Building industry public relations professional Nancy Rogers says that how you share your company’s definition of “green” is as important as the definition itself.
“Sometimes when marketing and sales people get going, they can be very promotional — that’s their job,” Rogers says. “But that can also lead to a lot of greenwashing when you’re talking about green products and services.”
Rogers and several green-experienced PR colleagues founded Green Earth PR Network in 2007. Their goal is to help businesses design and promote their sustainability messages. To do that effectively, Rogers developed Grammar of Green so marketers stay mindful of differing sustainability standards and requirements when making green statements.
“The Grammar of Green refers to how you speak about a topic or product or service,” Rogers says. “It’s about being transparent and authentic in your green message.” She has tweaked four well-known marketing principles to benefit green proponents and consumers:
Clarity. Vague references, unsubstantiated claims and statements muddled by unnecessary explanation will not advance your cause or client on the well-worn sustainability roadmap. Without the opportunity to reduce confusion, the audience will just click away.
Credibility. Boasts of being “greenest” hold no sway without substantiation. Words must be accountable. Transparency backed by third-party certification, actions, and measured success enhance your reputation.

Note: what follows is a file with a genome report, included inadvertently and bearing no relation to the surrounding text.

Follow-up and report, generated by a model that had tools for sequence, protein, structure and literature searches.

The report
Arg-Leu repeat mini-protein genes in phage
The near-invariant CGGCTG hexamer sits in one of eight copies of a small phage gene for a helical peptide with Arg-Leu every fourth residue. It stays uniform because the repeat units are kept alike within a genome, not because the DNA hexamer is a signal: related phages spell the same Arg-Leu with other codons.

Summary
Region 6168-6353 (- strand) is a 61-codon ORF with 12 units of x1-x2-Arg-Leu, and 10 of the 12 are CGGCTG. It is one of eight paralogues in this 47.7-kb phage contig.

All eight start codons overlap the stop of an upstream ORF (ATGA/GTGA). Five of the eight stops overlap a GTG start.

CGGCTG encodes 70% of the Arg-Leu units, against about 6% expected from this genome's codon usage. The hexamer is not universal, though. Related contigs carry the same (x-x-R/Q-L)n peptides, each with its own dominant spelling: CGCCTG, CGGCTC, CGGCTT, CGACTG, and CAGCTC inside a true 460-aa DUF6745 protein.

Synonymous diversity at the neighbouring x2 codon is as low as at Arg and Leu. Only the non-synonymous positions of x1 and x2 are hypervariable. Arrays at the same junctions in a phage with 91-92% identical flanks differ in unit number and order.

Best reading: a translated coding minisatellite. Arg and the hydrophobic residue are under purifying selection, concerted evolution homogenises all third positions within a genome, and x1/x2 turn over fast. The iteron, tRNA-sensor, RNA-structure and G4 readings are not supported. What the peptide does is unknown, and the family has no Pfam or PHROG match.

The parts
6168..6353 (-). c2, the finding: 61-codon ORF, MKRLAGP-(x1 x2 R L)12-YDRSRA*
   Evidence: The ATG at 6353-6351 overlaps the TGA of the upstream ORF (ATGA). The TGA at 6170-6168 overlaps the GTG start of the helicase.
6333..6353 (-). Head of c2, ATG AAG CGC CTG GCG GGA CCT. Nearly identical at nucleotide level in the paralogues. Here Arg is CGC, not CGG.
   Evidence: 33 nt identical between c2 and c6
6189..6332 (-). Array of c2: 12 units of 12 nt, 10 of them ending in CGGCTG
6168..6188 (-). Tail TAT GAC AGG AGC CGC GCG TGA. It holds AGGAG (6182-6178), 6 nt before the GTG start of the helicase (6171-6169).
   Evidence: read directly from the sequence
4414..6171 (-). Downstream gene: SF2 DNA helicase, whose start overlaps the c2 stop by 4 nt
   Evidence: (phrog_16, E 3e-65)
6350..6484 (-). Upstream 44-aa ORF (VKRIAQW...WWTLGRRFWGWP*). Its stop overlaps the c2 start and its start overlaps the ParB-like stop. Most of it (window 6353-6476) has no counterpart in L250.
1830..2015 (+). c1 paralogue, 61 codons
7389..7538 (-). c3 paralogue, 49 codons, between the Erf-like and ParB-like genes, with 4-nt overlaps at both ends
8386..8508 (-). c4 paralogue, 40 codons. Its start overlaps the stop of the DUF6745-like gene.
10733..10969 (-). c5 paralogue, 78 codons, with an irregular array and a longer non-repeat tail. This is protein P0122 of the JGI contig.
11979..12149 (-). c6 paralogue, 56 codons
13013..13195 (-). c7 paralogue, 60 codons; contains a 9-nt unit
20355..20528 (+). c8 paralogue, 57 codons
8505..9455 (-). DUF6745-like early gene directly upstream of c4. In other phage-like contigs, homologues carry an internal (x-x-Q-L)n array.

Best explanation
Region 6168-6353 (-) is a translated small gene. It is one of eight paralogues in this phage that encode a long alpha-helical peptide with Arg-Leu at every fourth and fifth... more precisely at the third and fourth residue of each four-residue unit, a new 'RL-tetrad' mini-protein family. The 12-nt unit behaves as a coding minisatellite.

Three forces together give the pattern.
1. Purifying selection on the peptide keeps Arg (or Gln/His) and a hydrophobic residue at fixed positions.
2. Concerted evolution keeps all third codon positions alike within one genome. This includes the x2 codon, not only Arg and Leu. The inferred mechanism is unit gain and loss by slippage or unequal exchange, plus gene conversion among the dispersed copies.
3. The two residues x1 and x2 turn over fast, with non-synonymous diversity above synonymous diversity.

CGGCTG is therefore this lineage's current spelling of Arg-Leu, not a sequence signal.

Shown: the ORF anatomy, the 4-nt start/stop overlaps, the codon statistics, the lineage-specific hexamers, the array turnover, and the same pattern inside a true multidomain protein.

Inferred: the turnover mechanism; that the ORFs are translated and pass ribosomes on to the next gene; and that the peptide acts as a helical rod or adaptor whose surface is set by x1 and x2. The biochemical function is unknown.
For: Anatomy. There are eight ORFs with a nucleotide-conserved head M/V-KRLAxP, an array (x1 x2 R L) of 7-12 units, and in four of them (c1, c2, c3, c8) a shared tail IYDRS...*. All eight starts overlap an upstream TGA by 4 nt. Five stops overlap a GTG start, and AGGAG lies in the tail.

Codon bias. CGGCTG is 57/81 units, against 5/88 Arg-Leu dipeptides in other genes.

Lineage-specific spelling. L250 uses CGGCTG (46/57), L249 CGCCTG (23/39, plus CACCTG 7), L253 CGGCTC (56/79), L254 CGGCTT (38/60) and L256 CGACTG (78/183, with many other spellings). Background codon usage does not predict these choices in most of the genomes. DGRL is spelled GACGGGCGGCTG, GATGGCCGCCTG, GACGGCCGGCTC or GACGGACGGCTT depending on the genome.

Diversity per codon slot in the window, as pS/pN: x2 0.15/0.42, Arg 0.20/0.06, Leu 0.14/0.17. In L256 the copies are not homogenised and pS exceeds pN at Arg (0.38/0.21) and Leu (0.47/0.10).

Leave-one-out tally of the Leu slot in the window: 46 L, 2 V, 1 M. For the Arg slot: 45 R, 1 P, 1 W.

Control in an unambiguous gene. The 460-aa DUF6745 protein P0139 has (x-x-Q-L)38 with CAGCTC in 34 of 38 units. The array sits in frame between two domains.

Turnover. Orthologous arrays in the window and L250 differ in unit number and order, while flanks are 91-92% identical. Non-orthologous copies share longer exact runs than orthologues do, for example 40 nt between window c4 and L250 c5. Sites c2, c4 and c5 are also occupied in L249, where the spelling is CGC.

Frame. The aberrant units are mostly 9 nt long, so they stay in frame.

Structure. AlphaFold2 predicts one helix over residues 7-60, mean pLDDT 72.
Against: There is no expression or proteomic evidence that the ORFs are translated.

Consistency. Each industry functions with its own jargon that is gobbledygook to the uninitiated. Build your story with facts. Use repetition to make them memorable.
Compliance. Steer clear of misrepresentation and deception to avoid regulatory red flags. You will be caught, if not by government regulators, then by independent watchdogs.
Using these principles as the foundation of green communication keeps marketers and their clients safe, Rogers says. “A lot of people have jumped on the idea of being green, which is great because it means there’s enthusiasm,” she says. “But there are also a lot of watchdogs out there, and if you make a claim, even if it’s not a government or regulatory issue, people will call you on it. It’s not in your benefit to overstate.”
Rogers says that the Grammar of Green can easily be used as a framework to communicate face-to-face or through websites or brochures. Moving forward, Green Earth PR Network hopes to share more communication dos and don’ts, and recognize good green efforts.